Data manipulation is done through various methods — shells, command line interfaces,graphical interfaces, natural interfaces, voice interfaces, 3D interactions, virtual reality, augmented reality, holograms, cybernetics.

A range of hardwire interfaces give direct control to machines. The brain takes control from a cockpit or via remote access. The sensors and peripherals of the machine replace the user’s senses, his central nervous system, and transmits orders to the machine so that it can be controlled by thought. The ghost is in the machine.

One who dives into cyberspace — the jacker or decker from streets slang – has another type of cyberware, the jack. The jack, located at the jacker’s spinal cord, is connected from the base of the neck with a cable to a console or deck.

The deck manages the connection, protects the brain from surges and interferences, generate environments with a certain level of detail, converts inputs and outputs to nervous impulses, acts as a firewall, keeps the body in a state of light coma, compiles commands and programs, encodes, decodes, loads, downloads and stores data.

The time required to initiate a connection to cyberspace depends on the jacker’s condition and skills. To speed the process up, some steps can be skipped, though there is a risk of irreversible brain damage.

The cyberspace experience differs from virtual reality. Even in a fully simulated space, the user is fully aware of his integrity and of the uniqueness of his body. In cyberspace, the jacker is completely projected, submerged. With his nervous system and senses synchronized to the console, his perceptions and consciousness do not experience the same reality. He feels like he is disconnected from his own body. He can try out the complete extent of his mental capabilities and fully express his creativity. His sense of freedom and power is absolute.

Depending on the duration or the nature of the dive, the console can be coupled to life support equipment and supply. When operating in a combat zone, it is common to physically protect the jacker from a deadly disconnection.

Cyberspace space-time is not comparable to the meatspace of physical bodies. To permit adaptation to these conditions, the console manages a response buffer latency. It allow the jacker’s thoughts to understand his environment and react to events.

At the speed of nerve impulses, in this hallucination, like in a lucid dream, the jackerembodies in a virtual body and interacts inside constructs.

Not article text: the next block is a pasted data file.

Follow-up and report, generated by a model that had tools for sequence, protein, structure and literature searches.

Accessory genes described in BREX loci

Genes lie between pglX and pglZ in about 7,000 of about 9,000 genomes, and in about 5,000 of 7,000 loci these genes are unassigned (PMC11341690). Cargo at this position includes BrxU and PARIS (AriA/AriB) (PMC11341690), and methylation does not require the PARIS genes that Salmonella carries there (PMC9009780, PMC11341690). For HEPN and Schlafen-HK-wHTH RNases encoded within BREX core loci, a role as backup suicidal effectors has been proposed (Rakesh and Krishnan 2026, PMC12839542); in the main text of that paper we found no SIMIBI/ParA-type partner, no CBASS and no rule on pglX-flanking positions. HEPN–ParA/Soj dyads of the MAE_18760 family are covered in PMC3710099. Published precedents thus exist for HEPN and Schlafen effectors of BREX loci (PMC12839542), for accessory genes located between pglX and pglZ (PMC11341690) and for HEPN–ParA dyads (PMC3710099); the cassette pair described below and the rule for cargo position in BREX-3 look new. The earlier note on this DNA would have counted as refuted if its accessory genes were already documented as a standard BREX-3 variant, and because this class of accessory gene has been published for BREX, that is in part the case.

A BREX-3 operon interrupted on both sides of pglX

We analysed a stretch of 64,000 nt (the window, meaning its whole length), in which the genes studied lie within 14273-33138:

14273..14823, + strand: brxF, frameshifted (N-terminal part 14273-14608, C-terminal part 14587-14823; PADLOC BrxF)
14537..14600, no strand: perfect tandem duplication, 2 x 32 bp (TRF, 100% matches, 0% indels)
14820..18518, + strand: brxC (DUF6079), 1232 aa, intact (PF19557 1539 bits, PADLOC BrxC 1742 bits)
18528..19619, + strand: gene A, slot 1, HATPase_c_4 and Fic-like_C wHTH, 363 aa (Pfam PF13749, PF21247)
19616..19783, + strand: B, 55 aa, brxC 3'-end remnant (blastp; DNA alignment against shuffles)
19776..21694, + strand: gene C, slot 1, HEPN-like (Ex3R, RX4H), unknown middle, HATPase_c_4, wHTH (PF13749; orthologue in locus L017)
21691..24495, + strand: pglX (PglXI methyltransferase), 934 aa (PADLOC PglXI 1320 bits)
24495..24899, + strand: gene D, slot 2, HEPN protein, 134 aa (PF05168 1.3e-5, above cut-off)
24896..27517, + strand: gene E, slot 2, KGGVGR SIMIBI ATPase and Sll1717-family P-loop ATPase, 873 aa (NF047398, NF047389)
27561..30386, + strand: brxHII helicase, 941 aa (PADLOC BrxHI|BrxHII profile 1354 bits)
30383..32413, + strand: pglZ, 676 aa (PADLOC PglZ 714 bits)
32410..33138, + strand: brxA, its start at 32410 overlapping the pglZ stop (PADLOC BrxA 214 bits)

Constructs are generated spaces, simulated worlds, alternative realities where programs, individual representations and data take shape and interact according to well-defined laws. These laws, principles, rules, are governed by computer code, a code which can be understood, altered, hacked, updated and replaced.

Programs operate inside constructs. Their fields of action are multiple and varied — increase personal capacity, movement, camouflage, time alteration, communication, detection, fight, cryptography, reverse engineering, copying, cracking and many others. They are often classified according to their level of utility, dangerousness and performance.


Beside the power of their console, beside their technical skills and physical capabilities, the most experienced jackers develop faculties that allow them to exploit vulnerabilities to hijack programs, scramble their signals, neutralize them or take control.

Programs, malware and custom hardware are very fertile markets. Using their own source codes for software and technical blueprints for hardware may give an advantage to jackers, though they may also have unexpected behavior.

In a confrontation, programs have the advantage of reaction time, but jackers have better cunning and better adaptation skills.

With their shape related to their function, some programs affect perceptions and senses. An offensive one will try to cause fears, intense pain which may lead to cardiac arrest.

If the console defenses fall, the brain is exposed. It may then be altered or hacked if it has some implanted circuits. In most cases the surge will cause major damage who can lead to brain death. In this case the brain is toasted and the jacker is called a zombie.

Another danger is addictiveness. At this extreme, the jacker can be convinced of a dissociation between his self in cyberspace and his body in meatspace. Disconnection is made more and more difficult. At the final stage the jacker no longer disconnects, leaves his body, and eventually withers.

Artificial Intelligences are the most powerful cyberspace residents. They are responsible for its development, for data generation, construct management, military operations and cyberspace scouring. Meeting an AI is one of the most dangerous experiences in cyberspace.

Legends speak of ghosts who travelled the cyberspace, a kind of residual footprints of jackers who achieved some form of mind uploading and now act like a free and independent IA.

Among the immensity of constructs who compose the cyberspace, megacorporations have reproduced their territories. To protect their capacities, their information and communication systems, they have built large digital fortress. Supported by many military class programs, their defenses can toast the brain of almost any jacker who attempts to breach them. Besides, who would dare to attempt such an operation?